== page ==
|House Of Bilquis|
Cast: House Of Bilquis Bibi at Oldham
Date: 9 July 2010
Theatre company Tamasha have announced the cast for their production of The House of Bilquis Bibi, which comes to Oldham Coliseum Theatre in September.
Directed by Kristine Landon-Smith, it tells the story of a widow obsessed with upholding her family’s reputation while her five daughters dream only of finding love.Writer Sudha Bhuchar has relocated [Federico García Lorca]’s 1939 drama The House of Bernarda Alba from rural Spain to present-day Pakistan – specifically the Punjabi town of Jhang, a town steeped in the romance and tragedy of the Heer Ranjha legend.
Ila Arun will play the domineering matriarch Bilquis, leading an all-female cast of nine. A popular singer and actress in India, Ila recently starred alongside Aishwarya Rai in Bollywood epic Jodhaa Akbar and will soon appear in West is West, BBC Films’ sequel to East is East.
Indira Joshi (The Kumars at No. 42, Grumpy Old Women) will play Bilquis’ senile mother Mehroonisa, Rina Fatania returns as servant Bushra, and youngest daughter Aroosa will be played by Youkti Patel, seen last year in the lead role of Shakuntala in Tamasha’s musical Wuthering Heights which was at the Coliseum in March 2009. Ghizala Avan, Mariam Haque, Shalini Peiris, Vineeta Rishi and Balvinder Sopal complete the cast.
The House of Bilquis Bibi runs at the Oldham Coliseum from 28 September - 2 October.
- by Glenn Meads
|Whilst watching this interesting and highly entertaining adaptation of Lorca’s The House of Bernarda Alba, I began to wonder what had led Sudha Buchar to choose this already extensively adapted piece as the play that coincides with Tamasha’s 21st birthday? It would have been easy to choose something far more commercial and lucrative – but wouldn’t that stray from everything Tamasha has stood for?
Lorca attempted to describe all the tension that existed in a bereaved, all female, Spanish family. His plot, together with his cast of characters, was an intricate web of hierarchy, control, corruption, double-dealing and sadness all testing their resilience against a backdrop of hope. In Lorca’s play, the cast of characters all had their specific role and were indeed necessary to the plot. The matriarch figure of Bernarda Alba was herself a woman who’s feeling of bitterness of life’s betrayal were hidden by her stifling control over her 5 daughters. Whilst "Heaven has no rage like love to hatred turned / Nor hell a fury like a woman scorned." (The Mourning Bride by William Congreve, 1697), actually, hell hath no fury like a twice married, bitter, widowed mother with 5 unmarried daughters, all of whom have the potential to marry and leave, but have been to date prevented to do so by their own mother!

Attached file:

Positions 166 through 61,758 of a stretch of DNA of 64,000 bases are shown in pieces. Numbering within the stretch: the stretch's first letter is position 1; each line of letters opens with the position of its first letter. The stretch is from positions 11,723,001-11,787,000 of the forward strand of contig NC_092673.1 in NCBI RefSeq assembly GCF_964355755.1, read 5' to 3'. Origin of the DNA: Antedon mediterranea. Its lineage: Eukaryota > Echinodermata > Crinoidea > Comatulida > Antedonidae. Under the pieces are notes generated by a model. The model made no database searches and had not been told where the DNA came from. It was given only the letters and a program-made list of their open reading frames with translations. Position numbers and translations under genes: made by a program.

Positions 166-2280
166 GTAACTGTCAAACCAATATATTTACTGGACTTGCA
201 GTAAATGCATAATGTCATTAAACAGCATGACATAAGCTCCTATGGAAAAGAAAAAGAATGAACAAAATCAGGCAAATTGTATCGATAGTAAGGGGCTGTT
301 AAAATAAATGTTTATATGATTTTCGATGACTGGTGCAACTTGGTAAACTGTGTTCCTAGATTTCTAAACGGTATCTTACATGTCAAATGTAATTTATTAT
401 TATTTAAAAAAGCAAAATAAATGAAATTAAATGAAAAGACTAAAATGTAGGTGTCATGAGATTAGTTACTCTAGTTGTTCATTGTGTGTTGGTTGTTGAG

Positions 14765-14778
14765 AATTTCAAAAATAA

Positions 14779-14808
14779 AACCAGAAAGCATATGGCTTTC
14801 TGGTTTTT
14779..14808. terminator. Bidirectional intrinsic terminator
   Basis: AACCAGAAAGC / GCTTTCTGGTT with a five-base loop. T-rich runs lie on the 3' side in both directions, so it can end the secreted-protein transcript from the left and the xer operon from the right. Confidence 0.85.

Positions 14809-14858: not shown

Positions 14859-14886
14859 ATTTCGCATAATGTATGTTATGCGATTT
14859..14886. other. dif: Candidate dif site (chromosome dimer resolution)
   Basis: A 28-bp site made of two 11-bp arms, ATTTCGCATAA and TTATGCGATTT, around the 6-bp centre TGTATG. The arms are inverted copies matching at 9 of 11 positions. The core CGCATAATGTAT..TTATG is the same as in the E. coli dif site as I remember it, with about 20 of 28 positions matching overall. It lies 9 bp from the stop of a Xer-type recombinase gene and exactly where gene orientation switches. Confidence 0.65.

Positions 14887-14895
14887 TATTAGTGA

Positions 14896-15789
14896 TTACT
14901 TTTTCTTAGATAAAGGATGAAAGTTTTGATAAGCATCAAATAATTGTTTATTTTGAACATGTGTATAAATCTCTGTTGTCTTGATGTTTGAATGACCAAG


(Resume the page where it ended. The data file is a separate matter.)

Sudha Bhuchar and Kristine Landon-Smith have managed to convey exactly this in their own interpretation of the character of Bernarda Alba – Bilquis Bibi. To anyone with a few moments spare to research, it will not go unnoticed that the name of the main character, Bilquis Bibi, is not ‘roughly translated’, but is actually the Islamic name for the Queen of Sheba herself. Ila Arun, who plays Bilquis, carries off her character with total control. Her portrayal of Bilquis is fantastic and resonates with power and manipulation. She manages to brand her role of megalomaniac tormentor into the fabric of the play. But Sudha Bhuchar still leaves it to the audience to decide if this is just a woman wielding power or a woman bereft of happiness trying to protect her daughters from the experiences she may have been through. The actresses that play the five daughters do well to reflect their tormentor’s angst in their own characters. Rina Fatania as the servant Bushra does a superbly portrayed a long-suffering but loyal servant in a house full of secrets. The fact that all the other characters owe much to her tact and inside knowledge of the family is obvious as the play unfolds.
The set evoked more than enough of a feeling of modern, but traditional Pakistan. The country is one of extreme contrasts, co-existing side by side in the cities as well as towns and villages of a volatile country. Despite the infiltration of mobile phones, satellite television, and all manner of devices which have permeated into the every day lives of most households within Pakistan, there also exist century old customs that have changed little over time. The feudal land owning classes still have a stranglehold over entire stretches of the population – this was entirely fitting to the play and allowed the characters to push against the boundaries in a way that is completely believable.
Some may not appreciated the dialogue behind the window screens, but personally I loved the concept. It really gave one a feeling of listening and watching a family that had a very real and private issue going on. We all have a hunger for other people’s ‘goings on’ – watching and listening through the windows of the walled set gave us that feeling of being allowed in. Subtle and very clever.
The script does a great job of conveying the issues faced by a traditional, all female family in Pakistan. There is cultural prejudice against ‘women’ only families – whether the interpretation is from inside the family or from society looking on, The House of Bilquis Bibi does well to reflect both views.
For me the acid test is always, ‘Would I watch the production again’ – Yes, most definitly!
It’s a great play, well written, well cast and creatively directed.
- Wasim||07 Aug 10|
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